Tuesday 07 April 2020

Had enough of the Amsterdam crowds? Try a day trip instead

This is Weesp, not Amsterdam. Photo Evaline de Bruin via Pixabay

With more and more tourists visiting Amsterdam, why not combine your visit to the Dutch capital with some time spend exploring the countryside? Website ThingstodoinAmsterdam.com has lots of suggestions for day trips.

One of the best things about Amsterdam, and the Netherlands in general, is its size, which makes it easy to get around. That, combined with great public transport and cycling routes, means day trips from Amsterdam are relaxed and easy. Even The Hague is less than an hour away by train.

Visit a village

What better way to get away from the busy city than a visit to a Dutch village, where it often feels as if time stood still.

South of Amsterdam, Weesp is full of listed buildings and bridges, with a charming water front and a great choice of cafes to sit and watch the world go by. Nearby Muiden, with picturesque cottages and a boat-filled marina, has a wonderful castle to explore as well.

Naarden too, is rich in history, with its fortifications and narrow streets. It also hosts an annual art fair at the end of January.

If you are looking for something more traditional, why not go north and explore the windmill village of Zaanse Schans. It is pretty touristy and you should avoid peak holiday periods. But it does have some of the best preserved windmills in the country, with a sprinkling of small, specialist museums.

Once you’ve seen the windmills, the next Dutch tradition to see is the bulb fields – if you are here in the spring of course. The Keukenhof gardens are the most popular place to go. The park is only open a few weeks a year so you’ll have a hard time avoiding the crowds. Your best shot is to go Monday to Thursday in the early morning.

Alternatively, you can simply skip the Keukenhof and rent a bike in Lisse, Noordwijk or Hillegom and explore the surrounding flower fields on two wheels. However, do make sure to reserve the bikes in advance to avoid disappointment! And don’t be tempted to walk into the fields and pose for photos among the flowers – you may have an angry farmer coming at you.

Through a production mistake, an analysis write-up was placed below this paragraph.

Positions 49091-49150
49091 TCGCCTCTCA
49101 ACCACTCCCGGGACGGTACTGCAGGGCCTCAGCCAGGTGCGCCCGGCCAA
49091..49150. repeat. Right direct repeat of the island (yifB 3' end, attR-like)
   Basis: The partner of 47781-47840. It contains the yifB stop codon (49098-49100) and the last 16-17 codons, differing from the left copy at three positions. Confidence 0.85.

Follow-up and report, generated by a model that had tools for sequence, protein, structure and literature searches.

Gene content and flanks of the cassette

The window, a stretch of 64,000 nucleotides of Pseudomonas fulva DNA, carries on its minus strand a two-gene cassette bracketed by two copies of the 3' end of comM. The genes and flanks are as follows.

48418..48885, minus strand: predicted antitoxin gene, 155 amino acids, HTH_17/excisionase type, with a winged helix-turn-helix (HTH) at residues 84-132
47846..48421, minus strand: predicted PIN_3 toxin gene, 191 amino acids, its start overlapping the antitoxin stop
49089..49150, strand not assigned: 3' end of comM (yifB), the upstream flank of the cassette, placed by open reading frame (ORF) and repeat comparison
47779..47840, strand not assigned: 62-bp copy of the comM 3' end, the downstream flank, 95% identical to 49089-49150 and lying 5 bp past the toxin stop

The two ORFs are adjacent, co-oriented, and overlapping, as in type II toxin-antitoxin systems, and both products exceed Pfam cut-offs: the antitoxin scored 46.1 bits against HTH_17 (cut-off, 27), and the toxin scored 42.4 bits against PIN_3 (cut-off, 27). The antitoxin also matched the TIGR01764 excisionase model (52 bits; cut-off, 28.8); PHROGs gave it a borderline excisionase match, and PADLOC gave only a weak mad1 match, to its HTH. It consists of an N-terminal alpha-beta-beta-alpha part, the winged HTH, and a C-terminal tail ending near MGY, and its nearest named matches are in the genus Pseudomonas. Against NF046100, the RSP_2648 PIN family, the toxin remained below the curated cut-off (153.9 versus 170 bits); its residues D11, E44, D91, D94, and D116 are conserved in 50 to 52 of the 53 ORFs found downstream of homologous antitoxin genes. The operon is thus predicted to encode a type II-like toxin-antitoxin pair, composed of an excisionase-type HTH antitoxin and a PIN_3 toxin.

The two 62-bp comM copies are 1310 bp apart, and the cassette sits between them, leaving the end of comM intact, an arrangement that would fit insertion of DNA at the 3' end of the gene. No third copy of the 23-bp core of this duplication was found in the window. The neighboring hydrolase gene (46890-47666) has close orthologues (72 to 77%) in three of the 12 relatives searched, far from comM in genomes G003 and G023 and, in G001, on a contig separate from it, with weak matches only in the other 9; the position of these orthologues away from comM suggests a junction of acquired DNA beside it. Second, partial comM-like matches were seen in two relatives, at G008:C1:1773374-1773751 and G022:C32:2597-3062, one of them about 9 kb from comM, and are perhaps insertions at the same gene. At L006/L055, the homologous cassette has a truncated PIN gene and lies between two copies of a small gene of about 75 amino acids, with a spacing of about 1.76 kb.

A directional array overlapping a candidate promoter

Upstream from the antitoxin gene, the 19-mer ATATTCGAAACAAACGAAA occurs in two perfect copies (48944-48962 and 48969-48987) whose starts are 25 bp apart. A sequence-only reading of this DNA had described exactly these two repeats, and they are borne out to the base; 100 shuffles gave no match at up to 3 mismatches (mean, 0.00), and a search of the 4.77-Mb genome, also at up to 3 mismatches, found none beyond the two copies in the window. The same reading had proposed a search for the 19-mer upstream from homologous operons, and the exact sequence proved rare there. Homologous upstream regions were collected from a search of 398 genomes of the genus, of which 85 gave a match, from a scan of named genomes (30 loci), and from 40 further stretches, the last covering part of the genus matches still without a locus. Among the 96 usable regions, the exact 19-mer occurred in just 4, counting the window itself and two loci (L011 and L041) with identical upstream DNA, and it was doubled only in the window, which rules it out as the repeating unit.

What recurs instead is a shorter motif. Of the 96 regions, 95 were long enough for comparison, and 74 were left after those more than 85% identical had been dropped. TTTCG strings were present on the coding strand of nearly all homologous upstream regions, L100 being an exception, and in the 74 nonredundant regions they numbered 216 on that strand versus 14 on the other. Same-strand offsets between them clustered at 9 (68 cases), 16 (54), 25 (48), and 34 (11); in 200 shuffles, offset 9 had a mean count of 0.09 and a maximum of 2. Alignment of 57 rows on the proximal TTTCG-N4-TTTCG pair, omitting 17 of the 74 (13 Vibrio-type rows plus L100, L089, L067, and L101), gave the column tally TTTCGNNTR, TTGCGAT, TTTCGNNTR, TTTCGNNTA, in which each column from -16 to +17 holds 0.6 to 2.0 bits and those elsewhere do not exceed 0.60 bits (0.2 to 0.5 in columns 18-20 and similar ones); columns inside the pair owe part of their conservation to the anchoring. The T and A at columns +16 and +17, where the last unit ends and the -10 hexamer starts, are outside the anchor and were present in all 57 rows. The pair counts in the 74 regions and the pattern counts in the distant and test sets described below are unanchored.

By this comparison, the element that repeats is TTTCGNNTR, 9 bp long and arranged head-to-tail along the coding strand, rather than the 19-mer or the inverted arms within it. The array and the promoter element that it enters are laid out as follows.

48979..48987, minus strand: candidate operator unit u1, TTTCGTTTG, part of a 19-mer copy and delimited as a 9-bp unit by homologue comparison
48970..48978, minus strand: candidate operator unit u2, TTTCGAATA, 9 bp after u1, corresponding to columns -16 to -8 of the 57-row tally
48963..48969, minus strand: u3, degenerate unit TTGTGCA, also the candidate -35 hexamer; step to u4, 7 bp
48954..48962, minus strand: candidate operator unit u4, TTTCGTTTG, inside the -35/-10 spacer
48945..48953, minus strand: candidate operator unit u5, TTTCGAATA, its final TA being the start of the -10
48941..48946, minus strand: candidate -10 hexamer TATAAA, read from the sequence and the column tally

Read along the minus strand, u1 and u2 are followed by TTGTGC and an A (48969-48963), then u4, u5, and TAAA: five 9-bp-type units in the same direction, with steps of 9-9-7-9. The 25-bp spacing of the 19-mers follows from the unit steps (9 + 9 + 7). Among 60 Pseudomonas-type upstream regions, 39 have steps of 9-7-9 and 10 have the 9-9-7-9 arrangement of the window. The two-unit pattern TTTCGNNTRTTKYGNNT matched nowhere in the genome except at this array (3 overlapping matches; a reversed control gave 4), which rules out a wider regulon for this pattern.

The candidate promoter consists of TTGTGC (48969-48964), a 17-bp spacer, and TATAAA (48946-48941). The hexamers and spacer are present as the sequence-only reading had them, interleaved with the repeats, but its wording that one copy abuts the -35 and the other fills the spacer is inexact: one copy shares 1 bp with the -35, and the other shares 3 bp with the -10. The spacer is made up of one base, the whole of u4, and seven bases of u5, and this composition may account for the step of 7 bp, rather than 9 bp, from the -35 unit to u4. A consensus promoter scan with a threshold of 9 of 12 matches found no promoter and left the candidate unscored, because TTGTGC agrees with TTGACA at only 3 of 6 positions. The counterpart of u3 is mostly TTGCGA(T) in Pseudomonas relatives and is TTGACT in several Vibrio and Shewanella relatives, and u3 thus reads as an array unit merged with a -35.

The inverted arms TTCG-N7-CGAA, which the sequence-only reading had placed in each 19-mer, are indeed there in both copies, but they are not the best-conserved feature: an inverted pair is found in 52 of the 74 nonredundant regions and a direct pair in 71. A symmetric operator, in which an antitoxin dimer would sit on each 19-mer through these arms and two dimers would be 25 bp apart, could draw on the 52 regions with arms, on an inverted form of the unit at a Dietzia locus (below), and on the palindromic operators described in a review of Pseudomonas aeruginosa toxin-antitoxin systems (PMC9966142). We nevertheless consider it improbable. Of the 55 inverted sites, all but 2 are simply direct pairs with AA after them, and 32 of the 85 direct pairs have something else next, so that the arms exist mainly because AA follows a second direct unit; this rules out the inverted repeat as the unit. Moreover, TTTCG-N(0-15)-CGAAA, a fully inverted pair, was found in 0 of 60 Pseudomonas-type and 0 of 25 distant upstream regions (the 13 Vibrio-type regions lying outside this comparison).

The Keukenhof bulb gardens. Photo: Dguendel via Wikimedia Commons

If you are up for a day’s shopping rather than exploring the countryside, Amstelveen has a big, busy shopping centre with all the main brands, as well as the Cobra museum of modern art for a more cultural break.

Amstelveen may have merged into Amsterdam – although the two are different local authorities – but it does still have a distinct town centre and the Amsterdamse Bos – a large area of woodland where you can enjoy a variety of walks. The goat farm is a very popular place to visit for families with young children.

Haarlem too, is a great place to explore the shops and pick up some culture at the same time – and it is just 15 minutes by train from the centre of Amsterdam. The Frans Hals museum is well worth a visit if you are interested in art, while the Teylers museum has a great collection of scientific instruments and fossils.

Visit a city

A 30 minute train ride will take you to Utrecht, and while you might wonder what you have let yourself in for when you leave the station complex – an example of uncontrolled modern development – the pretty canals, the museums and the churches are just a short walk away.

Leiden, also 30 minutes by train, has its own take on the canals and 17th century houses, with charming streets and plenty of bars and cafes to while away the hours. You can also pick up a canal cruise or visit Hortus Botanicus, the oldest botanical garden in the Netherlands.

If you are prepared to travel a little further afield, Alkmaar in the north, has a splendid main square and plenty of old buildings to admire. The much-advertised cheese market is a cheesy event for tourists in the summer, so don’t worry if you miss it.

Enjoy some nature

Are you lucky enough to be in Amsterdam with good weather or do you simply face blowing the cobwebs away? Then why not take a day trip to the seaside?

There are trains and buses from the capital to Zandvoort and Ijmuiden, where you will find plenty of places to eat seafood as well as wide sandy beaches to walk along in winter.

For the real walkers among you, the dune area west of Amsterdam has some terrific walks, where you will find yourself surrounded by countryside, with not a fellow tourist in sight. Now that is really getting away from it all.

Check out website ThingstodoinAmsterdam.com for more suggestions.

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